In one embodiment, an apparatus comprises a plurality of core logic blocks, a plurality of first event blocks, and a second event block. Each of the plurality of core logic blocks is configured to generate one or more indications of one or more events. Each first event block of the plurality of first event blocks is coupled to a respective core logic block of the plurality of core logic blocks to receive the one or more indications from the respective core logic block. Each first event block comprises at least one register configured to record which events have been indicated by the respective core logic block. Coupled to the plurality of first event blocks, the second event block is configured to initiate one or more actions responsive to one or more events recorded in one or more of the plurality of first event blocks.

In another embodiment, an apparatus comprises a core logic block and an event block. The core logic block is configured to generate one or more indications of a plurality of events detectable by the core logic block. Coupled to the core logic block to receive the indications, the event block comprises one or more registers programmable to map at least one event of the plurality of events to one or more of a plurality of classes.

In still another embodiment, an apparatus comprises at least one core logic block configured to generate one or more indications of a plurality of events detectable by the core logic block. The apparatus further comprises an event circuit coupled to the core logic block to receive the indications. The event circuit is programmable to map at least one event of the plurality of events to one or more of a plurality of actions to be taken responsive to the events.

BRIEF DESCRIPTION OF THE DRAWINGS

The following detailed description makes reference to the accompanying drawings, which are now briefly described.

FIG. 1 is a block diagram of a system including a plurality of integrated circuits.

FIG. 2 is a block diagram of one embodiment of an integrated circuit.

FIG. 3 is a block diagram of one embodiment of a local event block.

FIG. 4 is a block diagram of one embodiment of an event detect circuit shown in FIG. 3.

FIG. 5 is a block diagram of one embodiment of a global event block.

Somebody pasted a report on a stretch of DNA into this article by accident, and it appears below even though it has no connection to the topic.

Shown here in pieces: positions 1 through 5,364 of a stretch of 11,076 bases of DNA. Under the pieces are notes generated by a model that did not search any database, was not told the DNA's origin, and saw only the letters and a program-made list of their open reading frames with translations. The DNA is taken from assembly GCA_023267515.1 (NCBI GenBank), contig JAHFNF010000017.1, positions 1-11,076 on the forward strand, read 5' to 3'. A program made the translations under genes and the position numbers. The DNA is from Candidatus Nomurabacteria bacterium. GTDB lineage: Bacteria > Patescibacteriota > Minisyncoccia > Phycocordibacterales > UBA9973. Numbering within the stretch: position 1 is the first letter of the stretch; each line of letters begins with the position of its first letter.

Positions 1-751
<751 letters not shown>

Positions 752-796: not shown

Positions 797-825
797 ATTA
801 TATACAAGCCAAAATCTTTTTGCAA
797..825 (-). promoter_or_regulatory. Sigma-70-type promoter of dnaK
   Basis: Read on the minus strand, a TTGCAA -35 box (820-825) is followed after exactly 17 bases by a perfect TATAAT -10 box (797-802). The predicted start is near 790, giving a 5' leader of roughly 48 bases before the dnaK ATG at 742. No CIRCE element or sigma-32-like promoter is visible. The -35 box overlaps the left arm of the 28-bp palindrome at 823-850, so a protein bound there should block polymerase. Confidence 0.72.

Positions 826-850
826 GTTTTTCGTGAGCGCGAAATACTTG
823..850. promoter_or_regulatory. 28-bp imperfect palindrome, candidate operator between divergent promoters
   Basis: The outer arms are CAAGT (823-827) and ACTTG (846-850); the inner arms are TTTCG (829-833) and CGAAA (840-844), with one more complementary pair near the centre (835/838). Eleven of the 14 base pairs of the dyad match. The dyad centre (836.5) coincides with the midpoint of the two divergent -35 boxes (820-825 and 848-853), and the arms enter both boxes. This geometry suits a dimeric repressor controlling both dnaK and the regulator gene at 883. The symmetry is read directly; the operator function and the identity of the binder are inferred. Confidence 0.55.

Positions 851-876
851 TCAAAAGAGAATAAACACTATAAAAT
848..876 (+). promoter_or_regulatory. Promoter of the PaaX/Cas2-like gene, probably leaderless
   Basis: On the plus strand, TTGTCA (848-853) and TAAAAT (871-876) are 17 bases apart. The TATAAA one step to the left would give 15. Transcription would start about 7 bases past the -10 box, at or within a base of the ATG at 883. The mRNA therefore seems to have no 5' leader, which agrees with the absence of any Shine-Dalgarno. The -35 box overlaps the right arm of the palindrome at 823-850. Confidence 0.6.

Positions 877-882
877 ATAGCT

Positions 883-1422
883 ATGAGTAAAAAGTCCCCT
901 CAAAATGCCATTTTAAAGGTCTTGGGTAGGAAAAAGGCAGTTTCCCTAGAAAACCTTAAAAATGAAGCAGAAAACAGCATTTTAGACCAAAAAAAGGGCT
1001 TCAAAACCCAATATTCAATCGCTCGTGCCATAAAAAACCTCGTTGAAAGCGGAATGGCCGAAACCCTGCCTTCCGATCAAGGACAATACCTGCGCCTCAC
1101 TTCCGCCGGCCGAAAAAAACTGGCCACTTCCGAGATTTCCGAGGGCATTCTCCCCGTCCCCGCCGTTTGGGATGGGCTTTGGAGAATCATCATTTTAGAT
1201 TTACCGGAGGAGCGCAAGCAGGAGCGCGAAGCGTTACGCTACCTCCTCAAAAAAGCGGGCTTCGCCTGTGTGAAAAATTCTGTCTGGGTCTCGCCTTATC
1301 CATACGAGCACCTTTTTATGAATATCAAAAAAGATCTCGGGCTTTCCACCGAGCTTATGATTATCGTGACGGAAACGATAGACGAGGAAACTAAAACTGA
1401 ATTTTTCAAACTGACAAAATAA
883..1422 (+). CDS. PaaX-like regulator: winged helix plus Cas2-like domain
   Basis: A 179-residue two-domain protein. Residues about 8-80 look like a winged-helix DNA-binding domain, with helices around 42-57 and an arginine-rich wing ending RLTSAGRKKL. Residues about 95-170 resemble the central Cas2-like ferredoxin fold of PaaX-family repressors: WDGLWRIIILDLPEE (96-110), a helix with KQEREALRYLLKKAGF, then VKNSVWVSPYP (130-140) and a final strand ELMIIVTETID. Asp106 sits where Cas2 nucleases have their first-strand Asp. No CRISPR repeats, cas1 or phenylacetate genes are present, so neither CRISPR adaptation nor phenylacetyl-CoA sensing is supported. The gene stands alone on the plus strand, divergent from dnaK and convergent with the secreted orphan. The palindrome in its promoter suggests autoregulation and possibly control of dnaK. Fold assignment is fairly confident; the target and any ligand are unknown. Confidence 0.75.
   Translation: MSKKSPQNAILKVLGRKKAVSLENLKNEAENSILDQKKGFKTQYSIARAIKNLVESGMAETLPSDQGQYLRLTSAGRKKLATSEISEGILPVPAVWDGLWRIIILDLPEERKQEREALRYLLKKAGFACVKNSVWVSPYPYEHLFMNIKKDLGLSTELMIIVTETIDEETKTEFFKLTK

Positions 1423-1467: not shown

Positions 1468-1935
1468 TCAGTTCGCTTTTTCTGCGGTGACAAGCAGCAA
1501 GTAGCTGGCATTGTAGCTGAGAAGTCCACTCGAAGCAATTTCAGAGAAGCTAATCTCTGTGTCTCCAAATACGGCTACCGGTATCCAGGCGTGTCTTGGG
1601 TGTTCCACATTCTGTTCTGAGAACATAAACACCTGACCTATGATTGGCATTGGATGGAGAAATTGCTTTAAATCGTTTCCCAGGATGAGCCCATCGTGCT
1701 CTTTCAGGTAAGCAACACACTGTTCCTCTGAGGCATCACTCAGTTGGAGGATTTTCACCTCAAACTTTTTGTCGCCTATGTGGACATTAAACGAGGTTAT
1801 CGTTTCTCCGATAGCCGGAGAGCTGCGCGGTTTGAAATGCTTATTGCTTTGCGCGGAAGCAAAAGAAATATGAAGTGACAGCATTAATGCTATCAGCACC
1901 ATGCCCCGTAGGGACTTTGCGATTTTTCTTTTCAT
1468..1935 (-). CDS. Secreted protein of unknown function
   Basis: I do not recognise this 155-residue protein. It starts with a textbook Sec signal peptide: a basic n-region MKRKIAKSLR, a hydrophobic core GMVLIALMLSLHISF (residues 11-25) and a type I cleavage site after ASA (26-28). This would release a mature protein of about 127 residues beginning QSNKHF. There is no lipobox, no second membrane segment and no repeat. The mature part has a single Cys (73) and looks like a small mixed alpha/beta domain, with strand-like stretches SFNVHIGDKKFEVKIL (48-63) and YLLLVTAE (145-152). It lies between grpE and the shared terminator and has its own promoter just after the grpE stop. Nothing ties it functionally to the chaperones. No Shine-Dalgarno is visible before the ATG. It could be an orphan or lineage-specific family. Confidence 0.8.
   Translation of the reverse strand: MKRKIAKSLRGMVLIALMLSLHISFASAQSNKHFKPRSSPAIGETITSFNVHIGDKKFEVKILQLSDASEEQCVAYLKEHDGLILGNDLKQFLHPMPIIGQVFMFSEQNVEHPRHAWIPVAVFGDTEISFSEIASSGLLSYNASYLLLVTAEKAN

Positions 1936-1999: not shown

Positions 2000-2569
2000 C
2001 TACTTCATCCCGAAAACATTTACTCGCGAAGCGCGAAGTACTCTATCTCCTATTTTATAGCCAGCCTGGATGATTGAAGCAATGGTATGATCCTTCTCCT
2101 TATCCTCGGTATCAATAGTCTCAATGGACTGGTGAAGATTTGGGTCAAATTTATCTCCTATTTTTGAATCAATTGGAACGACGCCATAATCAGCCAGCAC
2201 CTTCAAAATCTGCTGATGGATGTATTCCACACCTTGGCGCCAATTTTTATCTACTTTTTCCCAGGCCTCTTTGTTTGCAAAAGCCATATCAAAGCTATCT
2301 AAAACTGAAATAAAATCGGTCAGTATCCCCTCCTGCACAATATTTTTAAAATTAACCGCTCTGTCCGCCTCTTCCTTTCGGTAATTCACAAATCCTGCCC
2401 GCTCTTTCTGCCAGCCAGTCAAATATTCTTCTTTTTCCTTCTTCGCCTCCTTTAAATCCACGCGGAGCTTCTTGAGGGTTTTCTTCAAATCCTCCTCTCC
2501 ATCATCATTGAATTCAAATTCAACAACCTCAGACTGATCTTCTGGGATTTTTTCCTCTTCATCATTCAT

FIG. 6 is a block diagram of one embodiment of a class detect circuit shown in FIG. 5.

FIG. 7 is a block diagram of one embodiment of an action detect circuit shown in FIG. 5.

FIG. 8 is a block diagram of one embodiment of a scope detect circuit shown in FIG. 5.

FIG. 9 is a flowchart illustrating operation of one embodiment of software that may be executed on a service processor shown in FIG. 1 to analyze an initial event.

FIG. 10 is a flowchart illustrating operation of one embodiment of software that may be executed on a service processor shown in FIG. 1 to program classes and/or actions.

FIG. 11 is a block diagram of one embodiment of a computer accessible medium.

While the invention is susceptible to various modifications and alternative forms, specific embodiments thereof are shown by way of example in the drawings and will herein be described in detail. It should be understood, however, that the drawings and detailed description thereto are not intended to limit the invention to the particular form disclosed, but on the contrary, the intention is to cover all modifications, equivalents and alternatives falling within the spirit and scope of the present invention as defined by the appended claims.

DETAILED DESCRIPTION OF EMBODIMENTS

The description herein refers to a bit in a register or on a signal as being indicative of a certain state when set and another state when clear. Other embodiments may reverse the sense of the set state and clear state, or may use any other indication of the state (e.g. various encodings of a multi-bit value).

Turning now to FIG. 1, a block diagram of one embodiment of a system 10 is shown. The system 10 may be any type of electronic system. For example, in some embodiments, the system 10 may be a computer system. In the embodiment of FIG. 1, the system 10 includes a plurality of integrated circuits (I/Cs) 12A-12P. Any number of integrated circuits 12A-12P, including one integrated circuit, may be included in various embodiments. The integrated circuits 12A-12P are coupled to an interconnect 14 to communicate between the integrated circuits 12A-12P during use. Additionally, each of the integrated circuits is coupled via a service bus to a service bus hub circuit 16, which is further coupled to a service processor 18.